Such ambivalent readings of Australia raise old questions. Should we expect fiction to be politically correct? How should it model historical accounts? How should we approach parodic fabrications in a text? Should we apply social realist criticism to a text that is stylistically hyperbolic? Does the ambitious title itself demand a social realist historic account? Does Luhrmann adequately deal with the events and consequences of colonialism? Bringing parody to mythology, the film widens the fissure between cinematic text and its referent, producing uneven binary readings.

Parodic elements

Luhrmann’s Australia is composed of intertextual illusions, gratuitous mythic posing, a hodgepodge of genre styles, self-referential casting, and eclectic musical scores. Blending these cinematic elements produces a text in which the cinematic terrain beneath the viewer constantly shifts as Luhrmann stretches the realistic illusion associated with a Hollywood, in this case an Aussiewood, epic. The use of these elements produces parodic excess. But the target of Luhrmann’s excess is not clear. Is it history as Hollywood spectacle? Is it other cinematic renditions of Australian history? Is it the mythology of the bushman? Is it mythology itself? Whatever the film’s target, I think we must accept and start with Langton’s position that Australia is a hyperbolic postmodern text.

Reviewers often refer to Gone with the Wind (as does Luhrmann himself), Titanic, Red River, and Pearl Harbor (The bombing of Darwin is actually from Tora! Tora! Tora!) as the film’s closest cinematic relatives. While these epics are perhaps narratively similar, it is the many allusions to Australian cinema that makes Australia self-referential.

For example, similar to his sampling of music in Moulin Rouge, here Luhrmann samples cinematic moments. Highlighting the constructed nature of Australian history and mythology, Luhrmann re-assembles Australia’s history out of fragments from past cinematic texts.

These include:

  • The positioning of The Drover and Sarah to Nullah — Jedda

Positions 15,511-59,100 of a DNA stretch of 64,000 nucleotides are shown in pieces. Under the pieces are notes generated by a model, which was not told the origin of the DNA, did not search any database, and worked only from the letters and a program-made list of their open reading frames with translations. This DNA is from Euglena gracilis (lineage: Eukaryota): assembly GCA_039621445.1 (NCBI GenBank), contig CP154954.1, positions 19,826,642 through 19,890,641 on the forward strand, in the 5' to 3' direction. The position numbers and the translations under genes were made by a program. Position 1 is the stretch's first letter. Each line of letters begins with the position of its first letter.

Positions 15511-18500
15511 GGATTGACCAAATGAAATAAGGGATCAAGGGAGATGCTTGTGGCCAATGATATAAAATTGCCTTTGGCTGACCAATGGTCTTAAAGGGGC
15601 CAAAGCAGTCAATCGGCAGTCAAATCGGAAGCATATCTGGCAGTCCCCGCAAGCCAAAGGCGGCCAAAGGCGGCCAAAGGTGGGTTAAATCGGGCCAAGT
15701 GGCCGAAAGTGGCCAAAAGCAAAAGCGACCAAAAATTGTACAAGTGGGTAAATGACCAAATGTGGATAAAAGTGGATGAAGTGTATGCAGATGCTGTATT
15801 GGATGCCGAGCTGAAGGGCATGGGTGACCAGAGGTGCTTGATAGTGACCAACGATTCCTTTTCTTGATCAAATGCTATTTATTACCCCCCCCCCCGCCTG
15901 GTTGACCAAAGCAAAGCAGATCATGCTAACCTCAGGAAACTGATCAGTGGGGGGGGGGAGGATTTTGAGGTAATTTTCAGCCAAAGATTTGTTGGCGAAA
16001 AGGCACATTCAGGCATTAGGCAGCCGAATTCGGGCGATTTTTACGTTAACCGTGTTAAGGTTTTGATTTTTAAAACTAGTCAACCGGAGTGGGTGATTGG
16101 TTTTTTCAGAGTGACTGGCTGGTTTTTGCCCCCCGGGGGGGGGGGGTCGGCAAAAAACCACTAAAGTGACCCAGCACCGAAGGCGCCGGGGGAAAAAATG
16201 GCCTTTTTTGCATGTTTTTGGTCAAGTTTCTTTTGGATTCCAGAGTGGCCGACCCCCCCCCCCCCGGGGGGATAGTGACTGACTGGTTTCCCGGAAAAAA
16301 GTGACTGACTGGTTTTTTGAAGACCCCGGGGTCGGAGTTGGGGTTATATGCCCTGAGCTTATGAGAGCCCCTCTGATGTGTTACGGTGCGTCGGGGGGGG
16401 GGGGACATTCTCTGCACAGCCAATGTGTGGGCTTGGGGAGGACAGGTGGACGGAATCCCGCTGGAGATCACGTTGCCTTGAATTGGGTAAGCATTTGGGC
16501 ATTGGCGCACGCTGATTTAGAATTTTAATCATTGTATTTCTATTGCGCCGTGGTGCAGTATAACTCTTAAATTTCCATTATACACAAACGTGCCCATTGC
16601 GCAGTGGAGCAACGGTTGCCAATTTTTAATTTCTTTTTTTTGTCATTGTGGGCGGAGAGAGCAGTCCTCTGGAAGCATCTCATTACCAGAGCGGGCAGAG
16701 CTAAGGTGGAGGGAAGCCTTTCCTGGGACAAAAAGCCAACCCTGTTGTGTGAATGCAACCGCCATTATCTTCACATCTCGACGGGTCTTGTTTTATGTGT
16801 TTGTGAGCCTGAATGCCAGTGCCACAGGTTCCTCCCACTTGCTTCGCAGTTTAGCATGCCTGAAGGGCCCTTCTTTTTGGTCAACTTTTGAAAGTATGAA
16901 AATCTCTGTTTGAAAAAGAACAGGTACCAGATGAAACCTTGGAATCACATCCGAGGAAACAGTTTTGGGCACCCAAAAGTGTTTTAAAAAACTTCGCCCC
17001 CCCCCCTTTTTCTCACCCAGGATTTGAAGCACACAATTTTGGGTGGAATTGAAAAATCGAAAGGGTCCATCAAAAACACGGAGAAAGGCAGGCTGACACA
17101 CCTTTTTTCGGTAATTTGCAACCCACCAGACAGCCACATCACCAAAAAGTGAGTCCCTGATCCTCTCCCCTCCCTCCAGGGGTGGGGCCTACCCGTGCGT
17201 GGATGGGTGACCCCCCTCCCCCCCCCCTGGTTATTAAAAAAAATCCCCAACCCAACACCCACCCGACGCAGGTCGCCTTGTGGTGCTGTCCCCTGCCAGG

• Removing Nullah from his relations — Rabbit Proof Fence
  • The killing of Magarri — Gallipoli
  • The idyllic family swimming in the waterhole — Walkabout
  • King George in silhouette — Walkabout
  • The crossing of the Never Never — We of the Never Never
  • The similarity of Jeanie Gunn to Sarah Ashley — We of the Never Never
  • The bar fight as first contact between The Drover and Sarah — Crocodile Dundee
  • The dog riding with The Drover—Mad Max

Likewise, Nullah’s mother is named Daisy, one of the children in Rabbit Proof Fence and the dog is named Jedda. Certainly a film buff could find many more allusions.

In Rabbit Proof Fence, three girls run from the constable who has orders to send them to a mission school. In Australia Nullah runs from Fletcher. In both films the children are chased by mother and grandmother trying to protect them.
Swimming in a billabong is a reoccurring image in Australian popular culture. In Roegís Walkabout as well as in Australia the scene serves as a peaceful interlude. We find it again in a Luhrmann directed ad for Tourist Australia This romanticized image of nature serves as a fantastic alternative to the expectations, constraints and anxieties of the Social.

Luhrmann also casts the film with well-known Australian actors — David Gulpilil, Jack Thompson, Bryan Brown, Nicole Kidman, Hugh Jackman, David Ngoombujarra, and even Bill Hunter in a bit part. Russell Crowe turned down the part of The Drover. This overuse of allusion disrupts a realist illusion. Moreover, there are also several narrative statements referring to the film as one story of a history composed of multiple stories. Nullah‘s voice-over not only introduces the film as a story, but it also connotes that this version is a whitefellas story:

“This land my people got many names for...but whitefellas call it...Australia. But this story not begin that day. This story begin a little while ago in a land far, far away. That land called England.”

The film’s emphasis on allusions and stories serves its parodic intent and highlights the constructed nature of historical fiction. Nullah gives voice to a British historical account but limits it to one version: a “whitefellas’” story. The Drover also emphasizes Luhrmann’s notion of history as an ensemble of stories threaded together, a fabrication. He explains his philosophy to Lady Ashley:

“Most people like to own things. You know, land, luggage, other people. Makes them feel secure. But all that can be taken away. And in the end, the only thing you really own is, uh-is your story. Just tryin' to live a good one.”